Rutger's tomato seedlings were sprayed with either tap water, the FA& P@1 composition or the FA& P@2 composition at 14 day intervals for 2 months beginning at the 4th leaf stage. 4 sprays were applied over the 2 month period. The plants were then cut at the soil line and air dried for 72 hours. The results are provided in Table 3 below. Weights of plants are expressed in grams.

              TABLE 3______________________________________  ReplicationsTreatment    1       2     3     4   5     Total                                       Mean______________________________________Control  55      60    50    53  58    276  55aFA&P@1   81      85    77    89  92    424  85bFA&P@2   90      92    86    95  89    452  90b______________________________________ ppm expressed as w/w. Mean separation via Duncan's MRT @ 5%.

IV. Composition Having Both Pyridoxine and Folic Acid, a Carbohydrate, and a Complexing Agent.

An aqueous solution having 1 ppm folic acid, 1 ppm pyridoxine, 7,000 ppm sucrose, 100 ppm fulvic acid and 100 ppm citric acid was prepared as follows:

______________________________________Material    Source          Amount/L______________________________________Folic Acid  Pteroylglutamic Acid                         1      mgPyridoxine  Pyridoxine Hydrochloride                         1      mgSucrose     Table Sugar       7      gFulvic Acid 2% Fulvic Acid    5      mlCitric Acid Citric Acid Monohydrate                         109    mg______________________________________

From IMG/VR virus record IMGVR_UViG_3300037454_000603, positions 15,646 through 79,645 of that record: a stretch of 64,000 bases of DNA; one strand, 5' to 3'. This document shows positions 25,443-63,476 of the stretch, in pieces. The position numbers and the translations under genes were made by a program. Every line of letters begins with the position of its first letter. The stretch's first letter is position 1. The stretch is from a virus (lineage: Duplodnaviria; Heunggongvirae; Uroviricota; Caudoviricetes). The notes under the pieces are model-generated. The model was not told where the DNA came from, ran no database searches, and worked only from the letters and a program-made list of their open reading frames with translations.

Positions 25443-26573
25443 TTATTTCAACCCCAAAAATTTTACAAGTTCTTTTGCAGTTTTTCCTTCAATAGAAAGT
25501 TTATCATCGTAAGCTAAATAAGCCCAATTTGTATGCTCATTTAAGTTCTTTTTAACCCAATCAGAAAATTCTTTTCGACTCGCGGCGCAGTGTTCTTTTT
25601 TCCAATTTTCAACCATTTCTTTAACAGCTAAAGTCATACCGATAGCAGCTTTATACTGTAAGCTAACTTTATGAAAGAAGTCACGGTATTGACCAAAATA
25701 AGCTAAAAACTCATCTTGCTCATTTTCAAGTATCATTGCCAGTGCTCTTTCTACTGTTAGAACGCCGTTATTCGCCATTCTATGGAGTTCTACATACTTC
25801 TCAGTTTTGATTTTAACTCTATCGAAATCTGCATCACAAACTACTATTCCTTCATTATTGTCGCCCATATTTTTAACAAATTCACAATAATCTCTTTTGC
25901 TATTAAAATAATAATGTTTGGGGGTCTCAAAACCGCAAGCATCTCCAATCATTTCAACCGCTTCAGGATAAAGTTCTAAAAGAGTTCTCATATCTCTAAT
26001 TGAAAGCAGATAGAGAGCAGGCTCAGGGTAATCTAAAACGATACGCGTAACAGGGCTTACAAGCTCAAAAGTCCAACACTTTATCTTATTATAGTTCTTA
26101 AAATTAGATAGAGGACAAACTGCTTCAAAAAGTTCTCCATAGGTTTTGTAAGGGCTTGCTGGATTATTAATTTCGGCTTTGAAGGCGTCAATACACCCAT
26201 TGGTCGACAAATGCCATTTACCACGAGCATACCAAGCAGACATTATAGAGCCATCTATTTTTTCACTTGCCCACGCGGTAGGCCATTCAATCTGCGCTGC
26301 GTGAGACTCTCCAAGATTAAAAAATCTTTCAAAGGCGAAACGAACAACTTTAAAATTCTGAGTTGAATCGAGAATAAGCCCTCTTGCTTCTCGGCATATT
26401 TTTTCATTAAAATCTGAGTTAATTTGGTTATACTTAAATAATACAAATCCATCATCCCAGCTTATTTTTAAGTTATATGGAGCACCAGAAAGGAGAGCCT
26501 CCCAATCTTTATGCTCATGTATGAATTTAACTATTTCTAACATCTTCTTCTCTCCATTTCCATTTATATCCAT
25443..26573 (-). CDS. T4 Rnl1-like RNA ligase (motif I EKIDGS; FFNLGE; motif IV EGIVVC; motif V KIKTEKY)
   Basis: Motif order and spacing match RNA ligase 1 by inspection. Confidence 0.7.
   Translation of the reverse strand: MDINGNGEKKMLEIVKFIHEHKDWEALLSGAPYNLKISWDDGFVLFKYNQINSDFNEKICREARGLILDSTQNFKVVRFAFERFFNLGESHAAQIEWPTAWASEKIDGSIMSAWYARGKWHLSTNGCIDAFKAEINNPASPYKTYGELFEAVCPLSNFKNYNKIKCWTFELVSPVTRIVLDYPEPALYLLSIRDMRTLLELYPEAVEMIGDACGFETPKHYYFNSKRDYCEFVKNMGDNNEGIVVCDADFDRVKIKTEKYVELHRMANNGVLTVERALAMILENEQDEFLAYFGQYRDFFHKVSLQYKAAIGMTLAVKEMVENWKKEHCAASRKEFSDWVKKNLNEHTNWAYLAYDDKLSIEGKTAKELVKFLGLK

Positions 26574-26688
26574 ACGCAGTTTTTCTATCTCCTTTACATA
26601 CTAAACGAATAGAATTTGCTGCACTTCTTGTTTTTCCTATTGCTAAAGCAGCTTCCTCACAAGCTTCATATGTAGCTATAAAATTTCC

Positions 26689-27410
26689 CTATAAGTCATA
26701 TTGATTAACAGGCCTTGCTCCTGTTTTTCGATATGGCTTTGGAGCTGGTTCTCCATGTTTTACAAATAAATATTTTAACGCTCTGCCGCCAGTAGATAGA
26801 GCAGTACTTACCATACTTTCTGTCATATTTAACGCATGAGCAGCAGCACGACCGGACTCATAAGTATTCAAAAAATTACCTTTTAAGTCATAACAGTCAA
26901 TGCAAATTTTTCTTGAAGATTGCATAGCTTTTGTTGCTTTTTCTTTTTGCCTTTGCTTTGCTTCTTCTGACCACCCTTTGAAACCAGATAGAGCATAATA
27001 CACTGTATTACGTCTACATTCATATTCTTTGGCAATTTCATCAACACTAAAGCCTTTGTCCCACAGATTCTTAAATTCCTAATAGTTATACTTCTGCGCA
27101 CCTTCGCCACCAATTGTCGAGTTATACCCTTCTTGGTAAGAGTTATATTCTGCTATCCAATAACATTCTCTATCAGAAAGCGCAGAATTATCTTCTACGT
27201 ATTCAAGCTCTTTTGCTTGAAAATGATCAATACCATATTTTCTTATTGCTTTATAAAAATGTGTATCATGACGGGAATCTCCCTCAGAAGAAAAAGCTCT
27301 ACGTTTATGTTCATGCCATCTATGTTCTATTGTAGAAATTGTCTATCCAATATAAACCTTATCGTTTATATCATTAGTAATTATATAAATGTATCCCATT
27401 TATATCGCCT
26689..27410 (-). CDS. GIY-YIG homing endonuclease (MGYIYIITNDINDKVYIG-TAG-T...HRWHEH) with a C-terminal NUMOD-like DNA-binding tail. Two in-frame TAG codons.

Rutger's tomato seedlings were sprayed with either tap water or the resultant fertilizer composition (fert.) at 14 day intervals for 2 months beginning at the 4th leaf stage. 4 sprays were applied over the 2 month period. The plants were then cut at the soil line and air dried for 72 hours. The results are provided in Table 4 below. Weights of plants are expressed in grams

              TABLE 4______________________________________  ReplicationsTreatment  1       2      3     4     5     Total                                        Mean______________________________________Control   53      62     55    61    63   294   59afert   105     115    134   126   145   625  125b______________________________________ ppm expressed as w/w. Mean separation via Duncan's MRT @ 5%.